Bill Simpson – a legacy etched in time

It’s amazing how life can mirror a game. Everything you find in the game of football is similar to what you will find in real life. Hard work, talent, love, setbacks, rules, unexpected turns, growing, working with others, passion and an impact or impression you leave on others are all intertwined in the game of football and the game of life.

Bill Simpson fell in love with the game of football the first time he put on the pads. Everything that football encompassed inspired him.

As a 14-year-old Bill played his Grade 9 year with his Laurentian High School team in Ottawa and never looked back. In his first year, he picked up the team award for heart, soul and perseverance as well as the scoring award; but that was the only year he played high school football.

Simpson’s neighbour Don Holtby was the coach for the travel Ottawa Sooners and recruited him to play for the team at the tender age of 15.

Bill Simpson’s rookie campaign was like a scene out of “Rudy” as he was younger and smaller than the rest of the team but he wore his number 11 with pride. He worked hard to be the first one to every loose ball and was the first on the field for practise and the last one to leave.

The Sooners won two Eastern Canadian Championships with Simpson on the roster in ’69 and 70 but the Saskatoon Hilltops beat them both years to win the Canadian title.

After four years with the Sooners, Simpson played with the semi-pro London Lords and Brantford, living his passion for football while working different jobs that the teams would line up for him.

The 23-year-old then jumped to the Empire Football League in New York State where he played with Scranton and Glen Falls until 1980. Simpson returned to Ottawa in 1981 to play with the Ottawa Demon Deacons until 1983 then suited up for his final team as a player with the Bramalea Satellites until 1985. Two knee operations, an injured left shoulder as well as two hand injuries later Bill Simpson’s playing career was done but his passion for the game wasn’t.

After a stint in London helping coach the Beal Raiders High School team, Simpson landed in Sarnia to be closer to his aging, retired parents. He stayed near the gridiron in Sarnia as he helped with the Sarnia Minor program as well as the SCITS Blue Bombers and the Sarnia Sturgeons. Simpson was the head coach of the Sarnia Imperials from 2008-2012.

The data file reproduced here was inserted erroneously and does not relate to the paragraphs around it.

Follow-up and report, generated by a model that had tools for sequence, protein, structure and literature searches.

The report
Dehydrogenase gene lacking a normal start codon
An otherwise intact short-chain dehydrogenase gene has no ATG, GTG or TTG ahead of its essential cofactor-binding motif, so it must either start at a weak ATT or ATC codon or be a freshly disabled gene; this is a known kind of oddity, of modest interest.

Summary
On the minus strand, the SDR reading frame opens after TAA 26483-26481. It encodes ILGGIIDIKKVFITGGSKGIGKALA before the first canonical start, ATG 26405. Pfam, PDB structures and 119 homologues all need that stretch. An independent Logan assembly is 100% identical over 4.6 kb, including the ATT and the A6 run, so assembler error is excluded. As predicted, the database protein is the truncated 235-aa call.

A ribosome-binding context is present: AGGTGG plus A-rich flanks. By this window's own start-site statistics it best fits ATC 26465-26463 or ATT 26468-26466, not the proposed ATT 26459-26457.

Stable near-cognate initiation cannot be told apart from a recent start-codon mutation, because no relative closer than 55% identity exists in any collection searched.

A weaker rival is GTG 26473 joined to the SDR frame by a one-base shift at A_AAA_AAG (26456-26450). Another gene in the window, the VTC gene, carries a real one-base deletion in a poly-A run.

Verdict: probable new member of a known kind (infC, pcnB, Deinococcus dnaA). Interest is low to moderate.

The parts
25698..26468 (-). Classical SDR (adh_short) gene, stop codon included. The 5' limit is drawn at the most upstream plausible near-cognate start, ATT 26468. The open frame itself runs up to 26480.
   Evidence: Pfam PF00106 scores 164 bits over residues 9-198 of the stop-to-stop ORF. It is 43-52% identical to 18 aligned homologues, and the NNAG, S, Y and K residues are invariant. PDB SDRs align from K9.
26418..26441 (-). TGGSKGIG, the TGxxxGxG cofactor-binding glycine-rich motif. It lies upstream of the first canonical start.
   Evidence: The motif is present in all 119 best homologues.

The time in Sarnia holds a special spot in Bill Simpson’s heart as that is when he met and fell in love with his wife Carol and with her he was lucky enough to pick up some free agents in the deal with stepchildren Lisa and Johnny as well as three prospects in the form of three loving, vibrant grandchildren.

Simpson was the Commissioner of Pee Wee Football for the Chatham-Kent Cougars and is now the head coach of the Varsity Cougars.

October 31, 2013 was a day that life threw a cheap shot at Bill Simpson as he was told he has stage 4 liver cancer in his colon. The words still ring in his head “you have two years left to live…max”.

In the blink of an eye Bill Simpson’s whole coaching philosophy changed…it changed from coaching football to coaching life.

The numbers on the scoreboard don’t mean as much as the effort on the field and the life lessons learned.

“I stopped taking chemo because it was just making me too sick,” said Simpson,” but I haven’t quit, my oncologist is looking into other treatments and I am eating healthy and exercising to try and prolong this this thing.”

Simpson’s battle with cancer has brought his team closer together and his lessons have been hitting home as the whole team has taken on his persona as a group that are serious about football, they play with swagger but they play clean and realize it’s a game that they play with Cougar Pride.

“We have a diverse team of great young men, young men who could have gone down the wrong path but they are working hard and are going down the right path.” Said Simpson.

“I hope that my legacy with this very special group of young men is no matter what, you have to keep fighting for every yard in life, you will get knocked down but you have to get up and keep going. I hope they are learning that no matter what happens you can’t quit, keep the legs pumping.” He emphasized.

“I know that I am not giving up, I am going to keep fighting and playing hard until that last whistle blows and I hope that lives on in each one of them.”  

 

Submitted by Gary Patterson

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